Precision rifle shooting - a typical training day at the shooting range
Precision rifle shooting requires a lot of training, and before a typical day of long range training there is a lot of preparations to be made. Ammunition must be prepared and loaded if this has not previously been done. This preparation takes some time as there are several steps to be carried out. Cartridges must be calibrated, firing caps must be fitted, gunpowder must be dosed and filled the cartridge, and last but not least the bullets must be fitted.
The caliber we shoot with is 6mm NORMA Br. NORMA's Diamond Line 105 grain bullet and NORMA's 6mm Br cartridges work perfectly and we have used NORMA's products for many years without encountering any "hiccups".
Our bags must be checked so that everything needed is included so that you are not standing on the shooting range without a magazine, for example.
Most of our long range shooting training takes place at a shooting range in Rättvik, Dalarna. This is our so-called home track. The range has two different shooting locations. A 300 meter firing range and a 500 meter firing range. We have chosen to shoot in Rättvik because it is possible to shoot up to 500 meters and because this range belongs to our shooting club Dalarna's military and police shooters (Dala-MP). We also have a fantastic training buddy from Rättvik who is a really driven shooter and who often gets us to the shooting range when we don't really feel like training - everyone needs a friend like that!
We also train on a 300 meter track outside Borlänge sometimes, since it is a little closer and sometimes we don’t have enough time to go to the shooting range in Rättvik. We also like when we get the opportunity to visit other shooting ranges around Sweden, such as Västerås or Tyfors.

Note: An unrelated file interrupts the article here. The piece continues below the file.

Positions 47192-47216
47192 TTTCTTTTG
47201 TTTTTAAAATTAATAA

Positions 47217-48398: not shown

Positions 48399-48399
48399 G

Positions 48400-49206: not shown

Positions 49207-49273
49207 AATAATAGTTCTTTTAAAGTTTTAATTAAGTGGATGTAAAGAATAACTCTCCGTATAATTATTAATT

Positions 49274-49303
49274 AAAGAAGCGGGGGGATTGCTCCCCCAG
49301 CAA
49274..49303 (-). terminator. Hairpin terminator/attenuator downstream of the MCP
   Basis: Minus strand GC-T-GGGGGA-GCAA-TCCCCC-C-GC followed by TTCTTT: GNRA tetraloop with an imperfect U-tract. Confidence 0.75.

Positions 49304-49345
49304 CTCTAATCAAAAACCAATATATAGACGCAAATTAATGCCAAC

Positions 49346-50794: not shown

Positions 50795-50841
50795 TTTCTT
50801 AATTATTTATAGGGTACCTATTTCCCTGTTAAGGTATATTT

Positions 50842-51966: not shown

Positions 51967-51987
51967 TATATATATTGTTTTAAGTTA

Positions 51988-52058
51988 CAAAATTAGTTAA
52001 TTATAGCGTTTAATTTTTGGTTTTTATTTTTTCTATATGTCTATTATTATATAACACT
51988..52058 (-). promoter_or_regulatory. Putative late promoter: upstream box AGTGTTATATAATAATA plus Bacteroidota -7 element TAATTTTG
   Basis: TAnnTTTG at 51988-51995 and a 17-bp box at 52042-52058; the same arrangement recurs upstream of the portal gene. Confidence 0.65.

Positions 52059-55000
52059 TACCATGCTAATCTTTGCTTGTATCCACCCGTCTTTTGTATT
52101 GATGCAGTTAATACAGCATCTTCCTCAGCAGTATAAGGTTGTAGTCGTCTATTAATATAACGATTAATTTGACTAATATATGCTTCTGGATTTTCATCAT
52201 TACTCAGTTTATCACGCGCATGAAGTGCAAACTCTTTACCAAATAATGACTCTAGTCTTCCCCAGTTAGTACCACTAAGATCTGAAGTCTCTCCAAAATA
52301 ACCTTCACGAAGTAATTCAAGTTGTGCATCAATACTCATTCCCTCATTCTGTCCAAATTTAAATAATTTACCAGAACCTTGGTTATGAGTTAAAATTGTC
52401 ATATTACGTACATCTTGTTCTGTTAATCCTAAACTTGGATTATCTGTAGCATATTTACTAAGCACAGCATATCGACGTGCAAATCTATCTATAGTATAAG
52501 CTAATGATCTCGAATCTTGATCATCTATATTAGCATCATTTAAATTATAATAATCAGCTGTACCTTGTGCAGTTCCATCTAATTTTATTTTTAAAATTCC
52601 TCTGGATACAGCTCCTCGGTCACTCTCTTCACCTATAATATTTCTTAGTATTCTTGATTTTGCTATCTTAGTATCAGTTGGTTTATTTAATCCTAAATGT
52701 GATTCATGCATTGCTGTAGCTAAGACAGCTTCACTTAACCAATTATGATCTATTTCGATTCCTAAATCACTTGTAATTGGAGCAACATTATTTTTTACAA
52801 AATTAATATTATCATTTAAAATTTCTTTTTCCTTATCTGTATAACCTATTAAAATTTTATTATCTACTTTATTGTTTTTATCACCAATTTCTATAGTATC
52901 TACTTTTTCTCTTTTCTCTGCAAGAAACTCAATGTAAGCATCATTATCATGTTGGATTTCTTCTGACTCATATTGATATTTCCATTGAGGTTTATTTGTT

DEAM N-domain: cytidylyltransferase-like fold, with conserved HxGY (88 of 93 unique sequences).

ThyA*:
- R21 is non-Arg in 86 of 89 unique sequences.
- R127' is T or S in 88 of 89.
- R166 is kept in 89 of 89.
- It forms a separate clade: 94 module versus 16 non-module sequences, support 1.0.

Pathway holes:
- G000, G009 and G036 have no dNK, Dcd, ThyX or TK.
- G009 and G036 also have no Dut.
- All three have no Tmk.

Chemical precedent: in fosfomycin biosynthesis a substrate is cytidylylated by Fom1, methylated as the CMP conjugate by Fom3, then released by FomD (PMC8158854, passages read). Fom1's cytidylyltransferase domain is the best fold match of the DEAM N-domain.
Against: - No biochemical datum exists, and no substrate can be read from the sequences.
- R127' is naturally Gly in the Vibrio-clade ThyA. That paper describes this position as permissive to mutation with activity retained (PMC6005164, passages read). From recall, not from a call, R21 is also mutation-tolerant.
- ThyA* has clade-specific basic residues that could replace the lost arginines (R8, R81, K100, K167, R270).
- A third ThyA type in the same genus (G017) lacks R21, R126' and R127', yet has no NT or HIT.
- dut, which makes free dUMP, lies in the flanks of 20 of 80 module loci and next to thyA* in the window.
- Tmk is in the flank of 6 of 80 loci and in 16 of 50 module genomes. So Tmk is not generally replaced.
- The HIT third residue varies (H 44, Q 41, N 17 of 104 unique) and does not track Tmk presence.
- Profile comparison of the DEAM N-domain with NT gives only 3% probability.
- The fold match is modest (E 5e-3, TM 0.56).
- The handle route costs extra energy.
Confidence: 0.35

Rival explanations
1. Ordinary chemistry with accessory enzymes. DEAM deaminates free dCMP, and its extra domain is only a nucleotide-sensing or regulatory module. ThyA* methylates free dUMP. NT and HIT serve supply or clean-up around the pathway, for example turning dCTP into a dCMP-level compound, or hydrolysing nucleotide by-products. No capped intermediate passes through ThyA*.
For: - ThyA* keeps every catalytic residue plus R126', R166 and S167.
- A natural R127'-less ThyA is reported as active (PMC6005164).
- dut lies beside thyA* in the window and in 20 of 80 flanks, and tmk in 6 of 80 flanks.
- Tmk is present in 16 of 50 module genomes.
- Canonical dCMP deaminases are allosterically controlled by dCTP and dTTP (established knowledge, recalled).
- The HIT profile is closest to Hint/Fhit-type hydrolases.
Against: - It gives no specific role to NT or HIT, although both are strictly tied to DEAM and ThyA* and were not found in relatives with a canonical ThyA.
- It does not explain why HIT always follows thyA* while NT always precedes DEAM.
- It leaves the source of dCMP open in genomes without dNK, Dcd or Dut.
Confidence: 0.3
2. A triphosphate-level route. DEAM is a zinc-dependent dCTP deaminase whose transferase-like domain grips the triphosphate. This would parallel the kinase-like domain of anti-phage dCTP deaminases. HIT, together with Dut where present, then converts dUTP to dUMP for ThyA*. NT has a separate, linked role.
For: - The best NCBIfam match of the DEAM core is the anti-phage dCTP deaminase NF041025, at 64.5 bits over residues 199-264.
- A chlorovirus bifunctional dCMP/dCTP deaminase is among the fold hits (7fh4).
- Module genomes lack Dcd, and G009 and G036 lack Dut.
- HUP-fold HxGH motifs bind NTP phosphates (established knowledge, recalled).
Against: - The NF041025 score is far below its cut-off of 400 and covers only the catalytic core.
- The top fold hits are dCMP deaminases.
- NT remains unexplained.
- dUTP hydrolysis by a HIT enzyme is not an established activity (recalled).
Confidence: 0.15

Once at the range, we make the ballistic adjustments we need for the particular range we are shooting from and other surrounding factors. Most often, we practice various long range exercises from several different positions. The different positions consist of posts, oil barrels, tank traps, ladders and prone shooting. These different positions are pretty much exactly what they sound like; we climb, crawl, run, move in different ways, shoot high and low on different surfaces and different types of support for the weapon. The big challenge is to quickly get into the right position, stabilize the around 10 kg heavy weapon, find the target and fire before it is time for a new position or a new target again. Everything is done on time during a precision rifle shooting competition, and therefore a central part of the training is the speed. Concentration on achieving good firings and recoil control is also in focus.
Over time, we have come to the conclusion that it is most effective for us to have clarity in how we should train at each training opportunity so that you don't just throw away a lot of shots unnecessarily without having a thought behind it. For example, we plan the order of the firing positions, what time we may have when we shoot the various moments, whether the focus is on movements, firing, distance adjustment or recoil absorption.
After a training session, we evaluate what we have done, how it went and how it felt. Based on this evaluation, we then shape the plan for the next training session.
We aim to practice long-range shooting once a week during the off-season and intensify the training before the competition season. A training session lasts anywhere from just over an hour to almost a whole day, depending on what we do and where. We try to shoot from as many different positions and barricades as possible during a pre-season but we are limited with how many barricades we have on our range. To develop to the next level, you need to go to as many competitions as you can.